Piano Composition Secret of George Winston Reveals Easy Way To Play Piano Love him or hate him, George Winston single handedly invented a whole new genre of music - New Age piano. His light ambient sound has reached millions of listeners around the world. Now, a lot, and I mean a lot of pianists would like to be able to play like George but don't think they can. That is, they don't know how he does what he does. They think he just sits down and music comes up or, they believe that he spent years studying composition and theory in order to create these sometimes elaborate compositions. But, and here's the interesting thing, when you really listen and break down what he's doing (and most other composers for that matter) it's all about how phrases of music are repeated and then contrasted with new material. That's it! That's all composition is. It's the art of repetition and contrast! Just saying this won't help you understand how it's done though. For example, in the author's lesson "Winter Scene," we have a repeating ostinato pattern using 2 chords. The pattern is played over and over again while the right hand improvises a melody. And guess what? That's a piece of music! That's right! Now, if I wanted to show this piece as a composition, I would have to chart it out using a chord chart. This too is a lot easier than it sounds. For instance, "Winter Scene" is just a 4-bar phrase in 4/4 time. Each chord gets 2 bars and that's it! Sometimes called a "loop" these phrases can be repeated as long as the composer/improviser wishes. Then, if more music is required, we just add in new phrases and keep building up our piece of music. So what is George Winston's secret? Learn how to use musical phrases to create your own easy compositions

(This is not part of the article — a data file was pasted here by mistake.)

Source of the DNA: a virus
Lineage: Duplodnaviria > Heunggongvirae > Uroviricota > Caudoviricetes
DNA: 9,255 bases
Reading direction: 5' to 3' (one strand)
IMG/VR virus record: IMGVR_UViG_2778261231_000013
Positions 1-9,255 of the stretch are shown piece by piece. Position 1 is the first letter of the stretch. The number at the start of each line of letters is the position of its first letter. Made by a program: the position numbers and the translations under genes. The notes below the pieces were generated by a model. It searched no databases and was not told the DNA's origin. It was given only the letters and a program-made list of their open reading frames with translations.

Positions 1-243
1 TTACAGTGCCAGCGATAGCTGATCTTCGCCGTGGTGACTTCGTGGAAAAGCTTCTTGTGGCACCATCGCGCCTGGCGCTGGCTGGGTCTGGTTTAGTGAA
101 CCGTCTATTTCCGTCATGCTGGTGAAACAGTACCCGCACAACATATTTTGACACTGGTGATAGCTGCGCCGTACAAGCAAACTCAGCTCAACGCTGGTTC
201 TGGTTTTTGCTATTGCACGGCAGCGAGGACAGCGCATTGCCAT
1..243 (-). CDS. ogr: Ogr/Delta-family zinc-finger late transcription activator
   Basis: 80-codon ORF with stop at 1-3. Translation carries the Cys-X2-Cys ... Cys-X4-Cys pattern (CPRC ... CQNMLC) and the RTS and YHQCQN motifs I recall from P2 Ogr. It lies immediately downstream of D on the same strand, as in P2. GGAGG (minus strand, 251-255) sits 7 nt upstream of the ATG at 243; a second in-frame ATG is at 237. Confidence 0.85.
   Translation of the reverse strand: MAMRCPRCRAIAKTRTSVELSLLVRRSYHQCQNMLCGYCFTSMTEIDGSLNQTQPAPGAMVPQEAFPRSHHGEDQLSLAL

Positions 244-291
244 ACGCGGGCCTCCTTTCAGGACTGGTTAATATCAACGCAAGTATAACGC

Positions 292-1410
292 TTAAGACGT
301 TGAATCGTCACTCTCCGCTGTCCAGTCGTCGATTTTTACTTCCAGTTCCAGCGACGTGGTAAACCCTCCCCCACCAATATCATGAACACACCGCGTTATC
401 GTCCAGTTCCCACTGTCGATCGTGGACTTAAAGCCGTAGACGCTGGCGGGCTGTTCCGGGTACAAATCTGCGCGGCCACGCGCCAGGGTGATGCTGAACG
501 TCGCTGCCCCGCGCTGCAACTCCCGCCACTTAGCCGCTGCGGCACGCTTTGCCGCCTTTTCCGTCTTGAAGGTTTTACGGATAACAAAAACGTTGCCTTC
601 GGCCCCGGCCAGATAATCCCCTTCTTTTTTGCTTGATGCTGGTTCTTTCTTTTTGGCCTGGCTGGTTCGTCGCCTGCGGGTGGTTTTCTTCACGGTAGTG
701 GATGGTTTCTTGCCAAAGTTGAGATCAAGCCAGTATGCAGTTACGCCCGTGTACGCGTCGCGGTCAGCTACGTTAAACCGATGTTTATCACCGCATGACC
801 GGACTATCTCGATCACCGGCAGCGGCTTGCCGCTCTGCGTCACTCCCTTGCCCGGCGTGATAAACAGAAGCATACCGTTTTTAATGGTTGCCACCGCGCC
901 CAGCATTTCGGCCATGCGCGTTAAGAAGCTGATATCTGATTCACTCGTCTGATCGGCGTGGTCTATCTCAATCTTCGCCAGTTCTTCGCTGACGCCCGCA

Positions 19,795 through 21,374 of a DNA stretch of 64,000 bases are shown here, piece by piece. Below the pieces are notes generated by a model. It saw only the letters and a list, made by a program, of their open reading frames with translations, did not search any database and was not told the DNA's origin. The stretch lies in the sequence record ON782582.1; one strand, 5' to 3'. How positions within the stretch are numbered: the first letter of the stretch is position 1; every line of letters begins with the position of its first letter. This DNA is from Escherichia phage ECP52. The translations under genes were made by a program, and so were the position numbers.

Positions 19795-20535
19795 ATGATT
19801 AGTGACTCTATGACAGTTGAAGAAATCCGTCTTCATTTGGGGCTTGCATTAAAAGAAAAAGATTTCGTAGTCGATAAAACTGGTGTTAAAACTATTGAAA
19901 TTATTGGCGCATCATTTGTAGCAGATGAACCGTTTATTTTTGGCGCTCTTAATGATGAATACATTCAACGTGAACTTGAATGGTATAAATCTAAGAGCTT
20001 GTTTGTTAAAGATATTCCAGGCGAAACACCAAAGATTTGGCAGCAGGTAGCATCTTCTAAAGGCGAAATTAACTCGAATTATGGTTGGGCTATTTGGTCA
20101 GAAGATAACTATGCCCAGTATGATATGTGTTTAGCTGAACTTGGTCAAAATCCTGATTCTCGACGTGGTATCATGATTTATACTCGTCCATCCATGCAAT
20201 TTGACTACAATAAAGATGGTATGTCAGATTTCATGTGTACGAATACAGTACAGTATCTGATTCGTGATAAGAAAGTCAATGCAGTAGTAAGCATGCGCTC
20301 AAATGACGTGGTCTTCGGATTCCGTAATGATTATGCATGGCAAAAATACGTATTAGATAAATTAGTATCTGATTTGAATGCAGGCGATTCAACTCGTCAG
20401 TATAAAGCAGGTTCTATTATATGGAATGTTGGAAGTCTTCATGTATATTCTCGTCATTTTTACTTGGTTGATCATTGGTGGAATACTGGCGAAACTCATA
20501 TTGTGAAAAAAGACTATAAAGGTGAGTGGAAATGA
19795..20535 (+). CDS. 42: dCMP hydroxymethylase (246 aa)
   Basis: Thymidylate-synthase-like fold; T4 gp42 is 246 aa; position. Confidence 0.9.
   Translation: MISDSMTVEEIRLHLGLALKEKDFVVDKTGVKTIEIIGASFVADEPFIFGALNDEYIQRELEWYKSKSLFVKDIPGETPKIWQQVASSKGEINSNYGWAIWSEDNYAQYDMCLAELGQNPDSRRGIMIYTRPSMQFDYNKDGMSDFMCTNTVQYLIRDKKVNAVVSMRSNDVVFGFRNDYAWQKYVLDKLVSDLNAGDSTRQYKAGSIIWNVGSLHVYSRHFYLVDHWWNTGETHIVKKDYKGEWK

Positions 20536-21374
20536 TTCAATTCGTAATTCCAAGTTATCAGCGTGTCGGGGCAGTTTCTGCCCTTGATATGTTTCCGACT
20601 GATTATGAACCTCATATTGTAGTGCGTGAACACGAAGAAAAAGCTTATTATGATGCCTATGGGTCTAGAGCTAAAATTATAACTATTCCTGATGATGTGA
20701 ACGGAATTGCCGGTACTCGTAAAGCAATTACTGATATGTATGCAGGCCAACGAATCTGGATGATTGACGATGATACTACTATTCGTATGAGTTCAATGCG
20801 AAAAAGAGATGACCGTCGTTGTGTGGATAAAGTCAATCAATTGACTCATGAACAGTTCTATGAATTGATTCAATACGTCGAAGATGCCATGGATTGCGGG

You Can Compose Your Own Music Whenever someone uses the word composer, inevitably, the names of Beethoven, Bach, and other classical personages come to mind. This can be very intimidating to those who want to record their musical thoughts and ideas down. In fact, comparing yourself to ANY composer will be detrimental to you. Why? Because you will always have to live up to someone's expectations of what is good music or what is not good music. This comparison trap will lead you nowhere and will result in a drying up of the creative spirit. The solution to this trap is to begin where you are and for most of us that means begin EASY! I'll never forget the first time I tried to "compose" something. It was for classical guitar. I tried to create something original and it took me 2 hours just to write out 4-bars of melody. Of course, I didn't know what I was doing. There has to be some kind of method that works for you. Now, the method I use today has been very easy to work with because it gives me the freedom to compose AND improvise at the same time. I "compose" using 8-bar phrases. To do this all one has to do is write out 8-bars on a sheet of paper. Any paper will do. It doesn't have to be music paper or manuscript. In fact, I just use a spiral bound journal with ruled lines on it. Whenever I want to memorialize an idea, I draw out 8-bars very quickly. I then improvise and allow myself the freedom to play anything that comes out of me. If I try and think something up, the music will usually wind up sounding forced or contrived - qualities that music is better off not having. Once the idea (either melodic or textural) appears, I write out the first 2bars so I remember what it is and use chords to quickly fill in the 8-bar section. After this is completed, I may draw another 8-bars and see what else comes. If nothing more is coming at this particular point, I put the journal away and come back to it later on. This method has served me well over the years and is an excellent starting method for beginning composers